Friday, July 21, 2006

They will stick you in the end

This post, and the next few seemed to disappear into nowhereland. Hence the fishy tests below, one of may finally came through. So here goes.

I once had a philosophy lecturer, who despite a penchant for tracksuit pants and red socks was without doubt a wise man. He insisted that it was not necessary to follow current affairs in any great detail and that daily reading of tthe newspaper or watching of the TV news was no more than a bad habit. Time could be better spent, he argued. Besides if anything really important did happen he was sure his secretary would let him know. This was in the days before the internet really gripped us, but I often wonder whether he wasn't right. Is it really worth to cram my brain with billions of trivial facts and a knowledge of diverse affairs? It is, I must admit a habit of sorts. (habit: A recurrent, often unconscious pattern of behavior that is acquired through frequent repetition.)

A recent research article by Irving Biederman indicates that there may be something more primal behind this thirst for knowledge:

The "click" of comprehension triggers a biochemical cascade that rewards the brain with a shot of natural opium-like substances, said Irving Biederman of the University of Southern California. He presents his theory in an invited article in the latest issue of American Scientist.
"While you're trying to understand a difficult theorem, it's not fun," said Biederman, professor of neuroscience in the USC College of Letters, Arts and Sciences. "But once you get it, you just feel fabulous."

The brain's craving for a fix motivates humans to maximize the rate at which they absorb knowledge, he said.
"I think we're exquisitely tuned to this as if we're junkies, second by second."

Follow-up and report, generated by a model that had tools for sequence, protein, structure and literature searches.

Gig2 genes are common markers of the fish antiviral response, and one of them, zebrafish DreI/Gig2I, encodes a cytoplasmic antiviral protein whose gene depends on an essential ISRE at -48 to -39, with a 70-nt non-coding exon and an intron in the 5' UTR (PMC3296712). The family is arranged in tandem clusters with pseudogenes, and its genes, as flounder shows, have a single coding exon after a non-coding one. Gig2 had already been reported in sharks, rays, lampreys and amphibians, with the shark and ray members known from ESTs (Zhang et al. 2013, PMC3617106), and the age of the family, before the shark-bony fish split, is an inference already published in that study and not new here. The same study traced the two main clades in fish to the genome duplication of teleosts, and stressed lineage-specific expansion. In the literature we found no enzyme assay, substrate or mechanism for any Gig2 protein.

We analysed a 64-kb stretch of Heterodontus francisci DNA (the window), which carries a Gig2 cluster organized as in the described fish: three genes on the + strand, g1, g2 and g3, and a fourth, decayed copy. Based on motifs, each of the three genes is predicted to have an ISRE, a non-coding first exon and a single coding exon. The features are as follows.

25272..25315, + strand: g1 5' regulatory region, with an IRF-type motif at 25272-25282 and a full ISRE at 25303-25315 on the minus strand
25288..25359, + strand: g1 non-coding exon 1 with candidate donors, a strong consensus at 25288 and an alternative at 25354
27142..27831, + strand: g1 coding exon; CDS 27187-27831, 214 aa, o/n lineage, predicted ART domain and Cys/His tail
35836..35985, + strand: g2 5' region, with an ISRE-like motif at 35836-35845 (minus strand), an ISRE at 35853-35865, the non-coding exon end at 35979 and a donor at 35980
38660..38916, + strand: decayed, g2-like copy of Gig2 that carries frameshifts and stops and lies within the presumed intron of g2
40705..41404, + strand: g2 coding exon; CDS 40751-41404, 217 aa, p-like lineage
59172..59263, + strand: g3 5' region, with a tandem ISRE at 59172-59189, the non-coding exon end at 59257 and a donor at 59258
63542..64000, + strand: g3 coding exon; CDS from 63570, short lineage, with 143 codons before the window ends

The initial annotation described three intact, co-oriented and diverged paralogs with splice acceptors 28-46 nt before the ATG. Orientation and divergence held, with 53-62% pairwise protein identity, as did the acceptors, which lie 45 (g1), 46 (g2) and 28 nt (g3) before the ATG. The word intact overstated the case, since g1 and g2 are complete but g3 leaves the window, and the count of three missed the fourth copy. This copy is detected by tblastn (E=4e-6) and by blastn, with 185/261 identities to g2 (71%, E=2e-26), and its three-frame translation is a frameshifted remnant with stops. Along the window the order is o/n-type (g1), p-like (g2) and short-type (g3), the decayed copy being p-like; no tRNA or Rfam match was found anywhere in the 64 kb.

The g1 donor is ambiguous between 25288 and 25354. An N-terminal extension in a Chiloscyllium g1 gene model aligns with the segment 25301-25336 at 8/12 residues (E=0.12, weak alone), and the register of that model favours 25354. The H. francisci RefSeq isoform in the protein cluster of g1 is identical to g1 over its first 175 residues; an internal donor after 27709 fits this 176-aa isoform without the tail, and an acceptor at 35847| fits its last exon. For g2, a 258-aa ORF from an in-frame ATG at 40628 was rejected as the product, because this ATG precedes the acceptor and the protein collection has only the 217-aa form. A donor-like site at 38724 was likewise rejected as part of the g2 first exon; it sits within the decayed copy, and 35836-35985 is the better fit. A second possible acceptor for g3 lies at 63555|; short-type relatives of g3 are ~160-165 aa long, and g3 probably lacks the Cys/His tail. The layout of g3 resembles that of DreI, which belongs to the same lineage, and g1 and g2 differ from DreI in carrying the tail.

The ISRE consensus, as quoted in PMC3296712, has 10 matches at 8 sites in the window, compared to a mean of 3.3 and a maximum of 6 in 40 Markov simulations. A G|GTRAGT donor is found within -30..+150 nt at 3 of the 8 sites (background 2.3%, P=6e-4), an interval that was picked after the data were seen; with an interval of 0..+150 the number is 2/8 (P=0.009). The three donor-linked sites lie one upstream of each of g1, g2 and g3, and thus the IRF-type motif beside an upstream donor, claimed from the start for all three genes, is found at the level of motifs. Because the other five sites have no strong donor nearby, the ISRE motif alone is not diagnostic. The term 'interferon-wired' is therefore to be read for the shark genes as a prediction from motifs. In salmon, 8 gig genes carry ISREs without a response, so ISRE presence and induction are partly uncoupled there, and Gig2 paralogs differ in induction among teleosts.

Biederman hypothesized that knowledge addiction has strong evolutionary value because mate selection correlates closely with perceived intelligence. Only more pressing material needs, such as hunger, can suspend the quest for knowledge, he added.

So being a knowledge junkie is an addiction like any other. If not controlled it could destroy you. Simple rule - you can get too much of a good thing.
You need some knowledge... but how much I'm not sure. Maybe, maybe we just get too much knowledge?

I'll leave you with some lyrics from The Violent Femmes' ...Lack of Knowledge.

my people are destroyed for lack of knowledge

I wonder if I'm happy
wonder if I'm mad
I wonder why the whole wide world is so wonderfully sad
I don't know bout that but I can tell you this
that when I drink a lot of beer y'know I gotta piss... off

people should be pissed off
people should be pissed off
for lack of knowledge

read read read read read read read everything you can read and
learn learn learn learn learn learn learn everything you can learn

cause there is no tomorrow like today
and there is no today like tomorrow
and they will stick you, and they will stick you in the end

Make of it what you will.


VallyP said...

I don't know about too much knowledge, but too much news can be a serious overload.These past days have really been grim and I wonder how much good it does us to know about the terrible conflict in the Middle East when we can do so little to resolve it. Does that rate as something the good prof's secretary would see as imporant enough? Sorry, that seems needlessly cynical

Third World Ant said...

Vallyp - I definitely agree that the news coverage of the Middle East has far less to do with informing us and far more to do with the news channels showing off who can get the bigger scoop - and feeding our morbid curiosity. I've resolved not to switch to BBC/CNN/Sky until this crazy bloodfest dies down.

ATW said...

To continue the needless cynicism. There is a chance that dstv buttons 50 to 52 may be idle for a long time in the Antnest.